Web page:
By Joe Cortright, City Observatory
Another anecdote-fueled tale predicting of urban decline
Writing in The Wall Street Journal, Rachel Feintzeig and Ben Eisen add another story, this one headlined “When workers can live anywhere” to the growing pile of claims that fear of Covid-19 and the possibility for remote work are likely to lead to the demise of cities.
“Still, coronavirus-spurred moving could accelerate a shift already under way from dense, expensive cities to more affordable areas, including small cities and suburbs.”
The story begins with the usual anecdote of a professional couple that’s now moving away from New York City. Caught in the lockdown in California in March, these New Yorkers—a tech professional and a restauranteur—decided not to go back, and instead will relocate to Sonoma (median home price $807,000).
As we’ve reported at City Observatory, despite such anecdotes, the data clearly show well-educated adults moving to close-in urban neighborhoods at an even faster rate than in the previous decade. Every large metro in the US recorded an increase in the number of 25- to 34-year-olds with a four-year degree living in its densest, most central neighborhoods since 2010, and the rate of growth has accelerated in four-fifths of these metro areas during that time. Moreover, the latest data on search activity on real estate websites like Zillow and ApartmentList.com shows no decrease—and in fact, an increase—in the searches in cities compared to their suburbs.
You can always dredge up an anecdote or two to show someone moving from a large city to a smaller one. But the narrow slice of folks who decamp from New York City to say, Sonoma—in the heart of California’s tony wine country and proximate to San Francisco—is not any kind of indicator of an exodus from cities to rural areas, especially an exodus supposedly driven a thirst for cheap real estate.
The Journal article is better than most in acknowledging that there are actual limits to the feasibility of remote working for most workers. They relate the example of one tech company:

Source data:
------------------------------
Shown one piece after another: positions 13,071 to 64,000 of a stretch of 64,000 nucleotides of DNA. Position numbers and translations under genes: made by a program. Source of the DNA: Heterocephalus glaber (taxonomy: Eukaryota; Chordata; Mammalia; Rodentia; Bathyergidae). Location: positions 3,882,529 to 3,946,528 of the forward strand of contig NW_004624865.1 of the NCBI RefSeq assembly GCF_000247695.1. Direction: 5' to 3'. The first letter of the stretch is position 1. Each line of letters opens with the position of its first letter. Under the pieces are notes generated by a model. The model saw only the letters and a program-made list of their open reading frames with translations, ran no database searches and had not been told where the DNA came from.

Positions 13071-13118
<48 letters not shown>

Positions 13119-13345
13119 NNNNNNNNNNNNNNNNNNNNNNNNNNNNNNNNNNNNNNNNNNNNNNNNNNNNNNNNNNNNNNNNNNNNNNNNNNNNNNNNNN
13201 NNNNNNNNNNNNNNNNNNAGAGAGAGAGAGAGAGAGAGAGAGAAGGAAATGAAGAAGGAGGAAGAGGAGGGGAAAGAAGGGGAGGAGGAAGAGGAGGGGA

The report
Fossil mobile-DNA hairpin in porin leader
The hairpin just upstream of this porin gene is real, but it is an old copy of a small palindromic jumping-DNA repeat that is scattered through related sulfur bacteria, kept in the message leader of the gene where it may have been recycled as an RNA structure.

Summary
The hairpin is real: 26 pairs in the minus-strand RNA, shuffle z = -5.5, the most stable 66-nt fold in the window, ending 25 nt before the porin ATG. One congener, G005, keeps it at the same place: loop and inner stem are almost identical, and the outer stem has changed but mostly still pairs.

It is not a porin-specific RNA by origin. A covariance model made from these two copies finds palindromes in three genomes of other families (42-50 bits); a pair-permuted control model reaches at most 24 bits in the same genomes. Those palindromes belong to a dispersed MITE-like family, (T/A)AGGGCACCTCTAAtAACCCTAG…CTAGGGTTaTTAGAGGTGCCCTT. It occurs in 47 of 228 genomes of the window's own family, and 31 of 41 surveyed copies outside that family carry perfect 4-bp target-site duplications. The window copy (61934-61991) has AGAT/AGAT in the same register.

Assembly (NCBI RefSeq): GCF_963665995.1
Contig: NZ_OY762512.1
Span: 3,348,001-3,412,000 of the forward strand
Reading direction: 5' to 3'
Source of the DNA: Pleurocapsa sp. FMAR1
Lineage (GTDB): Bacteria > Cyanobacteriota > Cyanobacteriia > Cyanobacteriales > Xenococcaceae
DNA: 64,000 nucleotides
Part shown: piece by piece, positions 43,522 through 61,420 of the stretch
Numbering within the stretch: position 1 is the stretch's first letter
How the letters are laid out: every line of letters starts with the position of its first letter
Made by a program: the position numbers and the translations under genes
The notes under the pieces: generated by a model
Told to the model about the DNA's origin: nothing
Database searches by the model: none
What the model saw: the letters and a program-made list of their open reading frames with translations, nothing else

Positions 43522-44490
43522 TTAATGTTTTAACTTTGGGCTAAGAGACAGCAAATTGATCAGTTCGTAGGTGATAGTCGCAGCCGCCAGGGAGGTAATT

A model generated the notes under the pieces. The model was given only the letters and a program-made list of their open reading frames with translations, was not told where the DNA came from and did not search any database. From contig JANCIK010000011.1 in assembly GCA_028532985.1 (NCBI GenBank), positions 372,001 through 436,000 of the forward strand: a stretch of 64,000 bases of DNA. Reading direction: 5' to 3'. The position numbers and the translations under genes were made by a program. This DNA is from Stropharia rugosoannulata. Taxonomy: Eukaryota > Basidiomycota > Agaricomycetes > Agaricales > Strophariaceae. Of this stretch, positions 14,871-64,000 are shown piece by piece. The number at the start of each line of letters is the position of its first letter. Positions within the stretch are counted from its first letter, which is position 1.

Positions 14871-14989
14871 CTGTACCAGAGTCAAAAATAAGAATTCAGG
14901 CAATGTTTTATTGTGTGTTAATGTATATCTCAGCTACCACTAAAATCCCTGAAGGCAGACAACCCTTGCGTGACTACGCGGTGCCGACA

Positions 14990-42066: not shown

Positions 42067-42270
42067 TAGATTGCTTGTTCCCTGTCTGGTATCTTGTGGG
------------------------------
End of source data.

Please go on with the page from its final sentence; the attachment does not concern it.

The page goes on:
Already some companies are rethinking their work-from-home experiments. Executives at Twilio Inc., a San Francisco-based tech company, in early May were leaning toward giving employees a one-time offer to move where they wanted and work remotely permanently, according to chief people officer Christy Lake. By the end of the month, the company had scaled back its approach, instead telling employees they could work from another city or state domestically through the end of the year, if they got approval from a manager.
So the much ballyhooed “anyone can work anywhere” policy lasted for a couple of weeks. And apparently has touched only a few employees. The Journal story goes on to disclose that just 15 of the firm’s 3,000 employees have actually relocated to remote locations. And even these new “remote” locations are . . . other big cites. Their single anecdote about software engineer Ly Nguyen says she’s moving to Seattle (yet another large metro area, with a burgeoning tech sector and high rents). Even the anecdotes don’t support the headline.
People choose cities to be close to other people and amenities, not just jobs
Why do these stories get it so wrong? The implicit assumption is that people really don’t want to live in cities, except possibly as a way to earn money: The notion is that, freed from the “need” to live close to the office, people will decamp to suburban and rural areas, which they somehow prefer. What that misses is that cities offer huge opportunities for art, culture, socialization, friendships and consumption. People live in cities to be close to jobs, but also for a range of other reasons.